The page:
A Quick Primer on Lamar Jackson Slander

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The NFL Draft Combine is afoot, kicking my least favorite season on the football calendar into high gear.

Yes, dear friends of The Open Man: It’s Slander Season.

This year’s primary target for the annual gauntlet of criticism and, at times, misinformation? Louisville quarterback Lamar Jackson.

Now, anyone who followed Jackson’s exploits in college saw one of the most electric playmakers to every take the field on Saturdays. That doesn’t always translate to success on Sundays, however. The sometimes ill-applied label of “bust” exists to denote college stars who never quite make the transition to the pro game.

Maybe Lamar Jackson will be an NFL standout. Perhaps he will fizzle out. He might even be a completely serviceable professional quarterback who enjoys a lengthy career without achieving superstardom. No one can say for sure, and only those NFL front offices tasked with evaluating prospects face any real consequences if they’re wrong about his future.

However, with the Combine underway and another two months until Draft Weekend, rhetoric that ranges from suspect to out-and-out false will follow Lamar Jackson. Here’s a quick primer on the shakier criticisms of the 2016 Heisman Trophy winner, jumping off from Bill Polian’s recent radio interview in which he, to his credit, attached his name to barbs typically reserved for “anonymous scouts.”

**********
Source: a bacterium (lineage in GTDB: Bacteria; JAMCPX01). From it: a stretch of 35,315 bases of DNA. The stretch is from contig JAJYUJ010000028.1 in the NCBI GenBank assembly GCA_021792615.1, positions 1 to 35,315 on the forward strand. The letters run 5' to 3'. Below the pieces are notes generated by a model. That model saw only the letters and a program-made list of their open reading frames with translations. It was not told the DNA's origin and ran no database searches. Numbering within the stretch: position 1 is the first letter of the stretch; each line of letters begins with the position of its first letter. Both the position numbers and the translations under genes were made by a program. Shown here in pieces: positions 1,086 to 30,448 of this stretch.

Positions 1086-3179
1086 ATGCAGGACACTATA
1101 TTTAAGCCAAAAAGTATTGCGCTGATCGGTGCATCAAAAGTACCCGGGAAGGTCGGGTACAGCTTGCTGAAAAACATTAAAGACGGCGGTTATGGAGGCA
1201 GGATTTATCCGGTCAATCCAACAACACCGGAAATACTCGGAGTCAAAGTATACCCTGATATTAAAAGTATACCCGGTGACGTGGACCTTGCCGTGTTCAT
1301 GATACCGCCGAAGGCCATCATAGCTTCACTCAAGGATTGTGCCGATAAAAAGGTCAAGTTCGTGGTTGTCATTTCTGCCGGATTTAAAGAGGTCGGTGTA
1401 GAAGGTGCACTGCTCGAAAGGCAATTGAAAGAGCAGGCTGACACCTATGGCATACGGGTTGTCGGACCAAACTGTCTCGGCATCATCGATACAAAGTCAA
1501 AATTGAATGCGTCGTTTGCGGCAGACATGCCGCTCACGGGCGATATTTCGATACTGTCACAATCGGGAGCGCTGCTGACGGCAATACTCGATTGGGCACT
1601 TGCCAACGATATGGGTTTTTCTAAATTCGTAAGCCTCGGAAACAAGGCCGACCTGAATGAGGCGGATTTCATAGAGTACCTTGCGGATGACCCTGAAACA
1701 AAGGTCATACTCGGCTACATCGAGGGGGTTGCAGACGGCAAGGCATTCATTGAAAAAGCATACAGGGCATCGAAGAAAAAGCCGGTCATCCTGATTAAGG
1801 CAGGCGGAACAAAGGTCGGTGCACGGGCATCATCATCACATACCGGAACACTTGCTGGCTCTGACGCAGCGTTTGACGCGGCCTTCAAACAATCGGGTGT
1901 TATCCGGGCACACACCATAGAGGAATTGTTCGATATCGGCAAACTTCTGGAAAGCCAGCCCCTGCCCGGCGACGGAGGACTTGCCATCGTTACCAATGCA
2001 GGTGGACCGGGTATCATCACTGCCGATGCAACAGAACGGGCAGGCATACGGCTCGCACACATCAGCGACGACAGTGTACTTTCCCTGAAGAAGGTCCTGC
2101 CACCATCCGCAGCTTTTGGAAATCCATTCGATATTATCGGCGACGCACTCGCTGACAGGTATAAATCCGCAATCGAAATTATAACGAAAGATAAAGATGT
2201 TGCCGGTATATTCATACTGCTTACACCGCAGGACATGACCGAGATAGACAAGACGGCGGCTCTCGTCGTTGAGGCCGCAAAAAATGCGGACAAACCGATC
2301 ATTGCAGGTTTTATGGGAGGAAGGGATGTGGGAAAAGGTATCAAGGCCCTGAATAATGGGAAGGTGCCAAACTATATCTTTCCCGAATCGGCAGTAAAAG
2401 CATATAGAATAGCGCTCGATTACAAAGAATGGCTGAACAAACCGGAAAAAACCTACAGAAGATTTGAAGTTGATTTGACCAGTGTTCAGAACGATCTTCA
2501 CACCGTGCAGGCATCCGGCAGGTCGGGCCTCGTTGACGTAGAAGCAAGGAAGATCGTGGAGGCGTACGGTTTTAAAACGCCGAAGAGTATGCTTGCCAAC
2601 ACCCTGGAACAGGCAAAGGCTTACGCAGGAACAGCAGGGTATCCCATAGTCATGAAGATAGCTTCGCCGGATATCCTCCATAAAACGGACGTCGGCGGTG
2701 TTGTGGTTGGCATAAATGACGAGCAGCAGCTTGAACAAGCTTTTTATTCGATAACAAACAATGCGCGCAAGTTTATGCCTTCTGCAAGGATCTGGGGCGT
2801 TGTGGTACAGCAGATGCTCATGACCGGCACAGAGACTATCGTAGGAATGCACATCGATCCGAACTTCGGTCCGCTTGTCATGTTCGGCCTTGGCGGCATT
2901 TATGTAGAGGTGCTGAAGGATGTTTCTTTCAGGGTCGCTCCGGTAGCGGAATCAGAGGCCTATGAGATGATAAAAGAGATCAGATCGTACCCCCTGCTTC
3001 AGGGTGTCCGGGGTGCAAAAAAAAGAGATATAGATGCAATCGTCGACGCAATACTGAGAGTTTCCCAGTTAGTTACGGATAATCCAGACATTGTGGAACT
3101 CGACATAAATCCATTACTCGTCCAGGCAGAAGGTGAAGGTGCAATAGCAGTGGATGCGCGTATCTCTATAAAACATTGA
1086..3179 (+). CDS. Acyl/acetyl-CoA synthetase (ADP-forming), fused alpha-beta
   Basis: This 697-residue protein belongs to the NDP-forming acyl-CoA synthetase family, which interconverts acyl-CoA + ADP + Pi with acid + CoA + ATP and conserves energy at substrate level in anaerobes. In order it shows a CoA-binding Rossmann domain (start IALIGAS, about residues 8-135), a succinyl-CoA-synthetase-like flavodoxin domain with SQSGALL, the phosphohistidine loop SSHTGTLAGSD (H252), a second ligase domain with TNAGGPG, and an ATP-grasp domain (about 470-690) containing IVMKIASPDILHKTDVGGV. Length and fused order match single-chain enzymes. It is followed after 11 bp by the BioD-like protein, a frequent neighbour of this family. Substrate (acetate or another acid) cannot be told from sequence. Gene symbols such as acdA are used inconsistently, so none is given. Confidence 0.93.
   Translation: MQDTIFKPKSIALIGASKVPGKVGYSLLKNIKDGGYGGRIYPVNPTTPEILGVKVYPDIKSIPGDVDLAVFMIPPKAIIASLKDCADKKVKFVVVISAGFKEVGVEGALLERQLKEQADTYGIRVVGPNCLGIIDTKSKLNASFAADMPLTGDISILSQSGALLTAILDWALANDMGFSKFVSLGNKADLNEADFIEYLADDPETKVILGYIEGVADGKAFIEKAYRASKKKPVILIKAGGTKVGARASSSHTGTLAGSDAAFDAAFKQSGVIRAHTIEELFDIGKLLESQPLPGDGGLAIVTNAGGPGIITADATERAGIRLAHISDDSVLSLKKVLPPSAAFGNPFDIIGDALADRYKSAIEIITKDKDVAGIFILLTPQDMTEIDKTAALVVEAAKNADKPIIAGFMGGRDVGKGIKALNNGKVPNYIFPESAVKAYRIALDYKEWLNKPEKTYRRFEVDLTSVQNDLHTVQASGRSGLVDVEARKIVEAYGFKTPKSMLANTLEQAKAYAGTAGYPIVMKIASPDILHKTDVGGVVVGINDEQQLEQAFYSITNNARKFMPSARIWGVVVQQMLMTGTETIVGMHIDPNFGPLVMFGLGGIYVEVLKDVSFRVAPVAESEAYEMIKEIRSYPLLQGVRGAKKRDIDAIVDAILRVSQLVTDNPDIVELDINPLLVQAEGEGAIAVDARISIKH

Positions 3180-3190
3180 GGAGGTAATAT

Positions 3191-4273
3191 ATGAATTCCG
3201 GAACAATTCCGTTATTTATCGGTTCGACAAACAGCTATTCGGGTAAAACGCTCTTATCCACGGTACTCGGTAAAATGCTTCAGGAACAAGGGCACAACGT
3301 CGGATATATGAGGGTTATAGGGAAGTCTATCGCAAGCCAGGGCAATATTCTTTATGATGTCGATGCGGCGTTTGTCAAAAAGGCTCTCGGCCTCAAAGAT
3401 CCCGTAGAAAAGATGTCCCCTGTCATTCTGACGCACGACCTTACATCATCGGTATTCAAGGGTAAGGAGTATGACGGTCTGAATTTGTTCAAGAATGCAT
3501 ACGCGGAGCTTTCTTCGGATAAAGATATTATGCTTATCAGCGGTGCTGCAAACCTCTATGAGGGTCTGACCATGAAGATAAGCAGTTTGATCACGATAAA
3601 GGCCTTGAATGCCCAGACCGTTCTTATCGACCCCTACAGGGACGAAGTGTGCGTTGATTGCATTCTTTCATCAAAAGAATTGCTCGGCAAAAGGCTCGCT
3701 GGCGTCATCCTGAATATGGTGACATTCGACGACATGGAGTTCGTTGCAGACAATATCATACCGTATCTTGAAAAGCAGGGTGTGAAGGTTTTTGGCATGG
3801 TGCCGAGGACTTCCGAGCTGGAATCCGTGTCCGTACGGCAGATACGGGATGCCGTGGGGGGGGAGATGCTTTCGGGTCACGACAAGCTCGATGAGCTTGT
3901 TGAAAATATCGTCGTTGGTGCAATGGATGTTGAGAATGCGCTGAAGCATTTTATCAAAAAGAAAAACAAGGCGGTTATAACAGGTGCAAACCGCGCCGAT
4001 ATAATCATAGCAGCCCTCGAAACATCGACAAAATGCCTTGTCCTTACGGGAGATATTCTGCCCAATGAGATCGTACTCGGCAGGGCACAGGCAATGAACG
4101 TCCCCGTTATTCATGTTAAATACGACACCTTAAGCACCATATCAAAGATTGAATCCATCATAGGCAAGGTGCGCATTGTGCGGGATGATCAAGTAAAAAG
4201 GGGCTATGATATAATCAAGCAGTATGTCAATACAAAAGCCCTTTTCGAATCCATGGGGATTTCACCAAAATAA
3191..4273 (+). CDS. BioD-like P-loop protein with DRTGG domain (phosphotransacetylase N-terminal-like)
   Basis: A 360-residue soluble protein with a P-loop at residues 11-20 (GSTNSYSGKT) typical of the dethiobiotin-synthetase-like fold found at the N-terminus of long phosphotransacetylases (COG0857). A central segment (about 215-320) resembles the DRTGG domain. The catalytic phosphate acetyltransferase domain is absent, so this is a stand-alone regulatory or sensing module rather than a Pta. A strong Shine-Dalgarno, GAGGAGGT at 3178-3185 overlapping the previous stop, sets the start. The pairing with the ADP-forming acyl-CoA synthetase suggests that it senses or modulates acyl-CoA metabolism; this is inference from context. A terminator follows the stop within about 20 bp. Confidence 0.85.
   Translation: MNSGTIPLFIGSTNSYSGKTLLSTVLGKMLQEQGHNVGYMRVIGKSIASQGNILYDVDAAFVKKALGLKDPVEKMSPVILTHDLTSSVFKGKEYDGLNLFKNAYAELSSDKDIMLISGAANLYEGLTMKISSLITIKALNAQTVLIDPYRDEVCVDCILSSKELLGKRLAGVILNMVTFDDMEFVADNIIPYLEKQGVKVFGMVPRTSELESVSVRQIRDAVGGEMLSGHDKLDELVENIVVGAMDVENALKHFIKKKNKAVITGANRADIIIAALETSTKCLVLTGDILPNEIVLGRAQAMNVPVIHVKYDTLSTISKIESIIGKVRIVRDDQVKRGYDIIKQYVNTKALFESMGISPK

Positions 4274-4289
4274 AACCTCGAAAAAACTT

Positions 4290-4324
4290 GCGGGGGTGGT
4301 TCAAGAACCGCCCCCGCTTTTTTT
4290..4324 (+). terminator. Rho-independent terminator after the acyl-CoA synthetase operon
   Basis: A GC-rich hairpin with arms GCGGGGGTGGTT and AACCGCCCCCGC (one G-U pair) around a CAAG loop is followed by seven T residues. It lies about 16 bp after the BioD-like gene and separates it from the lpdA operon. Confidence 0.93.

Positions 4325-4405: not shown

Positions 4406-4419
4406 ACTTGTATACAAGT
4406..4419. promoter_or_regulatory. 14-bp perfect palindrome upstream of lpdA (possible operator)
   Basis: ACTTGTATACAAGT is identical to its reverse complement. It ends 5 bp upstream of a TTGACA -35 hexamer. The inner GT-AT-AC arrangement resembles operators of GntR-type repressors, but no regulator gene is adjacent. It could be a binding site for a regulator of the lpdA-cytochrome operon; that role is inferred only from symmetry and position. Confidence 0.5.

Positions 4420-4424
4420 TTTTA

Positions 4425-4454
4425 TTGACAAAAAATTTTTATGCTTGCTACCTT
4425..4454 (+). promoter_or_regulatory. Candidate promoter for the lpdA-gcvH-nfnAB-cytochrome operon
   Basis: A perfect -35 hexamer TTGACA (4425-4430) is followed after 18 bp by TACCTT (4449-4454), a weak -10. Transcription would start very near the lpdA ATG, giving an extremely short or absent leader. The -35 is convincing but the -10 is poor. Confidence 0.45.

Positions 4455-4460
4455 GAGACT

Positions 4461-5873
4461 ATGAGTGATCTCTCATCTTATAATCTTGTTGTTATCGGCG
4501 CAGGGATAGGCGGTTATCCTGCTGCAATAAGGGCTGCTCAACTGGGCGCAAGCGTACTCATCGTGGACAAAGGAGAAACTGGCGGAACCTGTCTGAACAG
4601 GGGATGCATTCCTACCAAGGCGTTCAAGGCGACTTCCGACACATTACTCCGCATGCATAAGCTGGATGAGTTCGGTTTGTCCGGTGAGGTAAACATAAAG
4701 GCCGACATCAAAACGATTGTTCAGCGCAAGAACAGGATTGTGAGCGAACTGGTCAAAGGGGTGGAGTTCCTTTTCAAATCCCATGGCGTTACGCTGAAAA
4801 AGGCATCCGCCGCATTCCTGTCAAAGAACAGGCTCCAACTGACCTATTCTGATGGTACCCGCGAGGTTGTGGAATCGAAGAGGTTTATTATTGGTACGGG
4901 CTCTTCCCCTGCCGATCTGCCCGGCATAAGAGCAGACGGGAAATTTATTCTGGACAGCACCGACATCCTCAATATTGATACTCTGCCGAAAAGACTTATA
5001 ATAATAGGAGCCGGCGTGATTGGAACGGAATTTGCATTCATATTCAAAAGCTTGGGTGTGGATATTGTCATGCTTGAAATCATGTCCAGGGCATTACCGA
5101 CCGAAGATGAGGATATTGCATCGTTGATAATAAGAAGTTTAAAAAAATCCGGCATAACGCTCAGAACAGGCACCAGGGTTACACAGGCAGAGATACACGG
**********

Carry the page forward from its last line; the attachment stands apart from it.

“He’s short”

Of the many questionable comments Polian made about Lamar Jackson, the former Colts executive most inaccurate was that “he’s short.” Louisville sports information material listed Jackson at 6-foot-3, and while media guides are prone to some kayfabing of player measurements, anything more than an inch is highly unlikely.

Still, certain segments of the football population ran with that idea. Any lingering doubt about Jackson’s size should be put to rest, as he measured just shy of 6-foot-3 at the Combine. 

A similarly repeated mantra deems Lamar Jackson too slight of frame to play quarterback in the NFL; he weighed in Thursday at 215 pounds, just six pounds less than Sam Darnold. I have never been next to Jackson, but I have stood alongside Darnold on many occasions and can report definitively that he is not slight.